Guns and mental health….when “doing something ” is not really doing anything

http://www.pressherald.com/2015/10/18/months-of-deadly-mass-shootings-moving-mental-health-bills-forward-in-congress/

http://www.tennessean.com/story/opinion/columnists/2015/10/17/too-many-guns-too-little-courage/74039728/

https://hopeworkscommunity.wordpress.com/2014/07/14/the-problem-with-the-murphy-bill-is-not-that-it-asks-too-much-it-settles-for-too-little/

Congress has a real opportunity. They have the ability not to solve two problems at once . Even for them that is unique. According to the first post linked above there is momentum towards passing a bill that will neither address gun violence or the real needs of the mental health system. And they will call it a victory.

They will ignore the issues of gun violence in this culture, the thousands of deaths every year, and pin it on the “seriously mentally ill”. If we just manage them better in essence it will all get better is what they will say…It would make you laugh if it didn’t make you cry.

The hope, and right now I think it is their best hope, is to raise the level of hysteria “to do something ” so high and so intense that questions you may have about what they are suggesting be done can be colored to make it look like you “really don’t care.” Murphy wins by making it the mental health equivalent of voting to go to war in Iraq. The prospects are sad and more than a little scary.

Look at all the questions that they can make go away.

Is the problem of gun violence really an issue of mental health?

Are “the mentally ill” really the most dangerous people in our culture?

Is there any reason to believe that psychiatric hospitalization makes violent people less violent?

What about the increasing evidence that psychiatric medications can be involved in violent behavior?

If these laws are to be justified by supposedly controlling violent “mentally ill” people is our mental health system “reformed” if less people die?

Do these bills reflect an adequate understanding of the needs and experiences of the people that the mental health claims to serve?

Does this bill truly reflect as it claims evidence based practices or does it ignore growing evidence in favor of ideological rants and personal interests?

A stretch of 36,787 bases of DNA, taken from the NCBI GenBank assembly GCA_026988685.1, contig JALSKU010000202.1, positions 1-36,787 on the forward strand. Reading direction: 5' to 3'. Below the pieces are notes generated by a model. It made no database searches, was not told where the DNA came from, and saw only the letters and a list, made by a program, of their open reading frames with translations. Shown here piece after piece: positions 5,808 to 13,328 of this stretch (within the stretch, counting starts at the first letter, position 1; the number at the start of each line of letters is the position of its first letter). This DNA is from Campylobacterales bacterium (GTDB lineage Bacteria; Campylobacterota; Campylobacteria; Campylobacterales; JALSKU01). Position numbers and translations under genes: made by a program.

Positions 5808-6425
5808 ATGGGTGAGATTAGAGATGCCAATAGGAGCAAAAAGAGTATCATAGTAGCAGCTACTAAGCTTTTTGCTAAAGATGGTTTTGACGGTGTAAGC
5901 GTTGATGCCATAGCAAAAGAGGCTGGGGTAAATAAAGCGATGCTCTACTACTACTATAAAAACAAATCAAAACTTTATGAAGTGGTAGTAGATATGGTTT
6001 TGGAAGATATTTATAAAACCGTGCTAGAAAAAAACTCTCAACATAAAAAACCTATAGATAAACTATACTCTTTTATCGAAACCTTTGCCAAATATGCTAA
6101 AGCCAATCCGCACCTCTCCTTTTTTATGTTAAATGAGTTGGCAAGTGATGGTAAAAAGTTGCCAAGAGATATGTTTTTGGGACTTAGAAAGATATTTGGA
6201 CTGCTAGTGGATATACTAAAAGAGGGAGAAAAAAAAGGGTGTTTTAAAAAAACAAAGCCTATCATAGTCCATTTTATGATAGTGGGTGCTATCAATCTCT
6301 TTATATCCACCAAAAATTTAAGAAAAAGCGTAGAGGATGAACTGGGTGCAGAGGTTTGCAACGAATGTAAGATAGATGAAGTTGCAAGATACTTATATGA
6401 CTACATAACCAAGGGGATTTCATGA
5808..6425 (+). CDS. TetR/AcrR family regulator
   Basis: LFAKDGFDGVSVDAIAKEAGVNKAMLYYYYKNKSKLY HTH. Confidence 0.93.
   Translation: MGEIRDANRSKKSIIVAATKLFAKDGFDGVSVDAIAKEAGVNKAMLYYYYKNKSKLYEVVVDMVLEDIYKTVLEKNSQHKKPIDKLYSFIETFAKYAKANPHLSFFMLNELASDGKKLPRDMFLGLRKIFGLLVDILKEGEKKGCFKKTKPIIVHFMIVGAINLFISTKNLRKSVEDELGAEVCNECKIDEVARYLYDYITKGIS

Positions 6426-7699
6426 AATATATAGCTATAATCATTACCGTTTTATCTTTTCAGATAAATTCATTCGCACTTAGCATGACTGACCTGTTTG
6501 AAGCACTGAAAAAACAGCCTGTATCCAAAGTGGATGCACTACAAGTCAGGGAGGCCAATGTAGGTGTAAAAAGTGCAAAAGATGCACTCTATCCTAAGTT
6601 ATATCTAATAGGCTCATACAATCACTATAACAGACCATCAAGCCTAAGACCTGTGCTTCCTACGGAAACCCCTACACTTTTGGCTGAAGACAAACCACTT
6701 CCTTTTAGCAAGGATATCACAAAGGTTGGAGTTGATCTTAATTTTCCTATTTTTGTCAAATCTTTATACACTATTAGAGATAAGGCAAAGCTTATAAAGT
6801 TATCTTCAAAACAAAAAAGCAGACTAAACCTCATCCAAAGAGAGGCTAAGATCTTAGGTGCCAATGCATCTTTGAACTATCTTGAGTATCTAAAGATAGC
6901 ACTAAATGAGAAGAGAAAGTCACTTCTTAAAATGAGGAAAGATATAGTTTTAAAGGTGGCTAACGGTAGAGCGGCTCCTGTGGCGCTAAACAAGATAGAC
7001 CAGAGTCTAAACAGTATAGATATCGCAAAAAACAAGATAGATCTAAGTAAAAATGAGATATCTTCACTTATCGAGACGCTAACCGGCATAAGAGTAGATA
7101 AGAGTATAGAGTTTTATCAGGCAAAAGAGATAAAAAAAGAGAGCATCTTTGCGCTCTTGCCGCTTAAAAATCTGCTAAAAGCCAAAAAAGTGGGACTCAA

Once you decide to take away the rights of people because of the labels you place on them or the diagnoses you make of them where do you stop? How do you draw the line? Will not every thing in time legally become about compliance and who is in charge and less about the needs of the people the system claims to serve?

There are many, many more questions. This is just the tip of the iceberg. The point of the hysteria is to quiet them all.

The second post linked above makes a simple point. Everyone not in Congress, everyone not in state government already knows. Courage is not an entrance requirement for public officials. As scary as Isis might be, as scary as other terrorists might be none of them even begin to strike the terror in the hearts of our elected officials that the NRA does. The Murphy Bill will for some not a measure of their courage but an expression of their lack of it.

The last post is an old post of mine. It’s point is real simple. The Murphy Bill suffers from a lack of truth in advertising. It hasn’t, doesn’t and can’t do what it claims. It is a non answer to a real problem and we need more and we need better.

Hysteria is his best chance for victory. Right now it might be his only chance. Please speak out. Write your newspapers. Contact your legislators. Tell them to stop and think. Tell them to listen to you. Tell them you want real solutions to real problems. Tell them to be brave and stand for you, your family, your community and for a country trying to be a better country for all its people.

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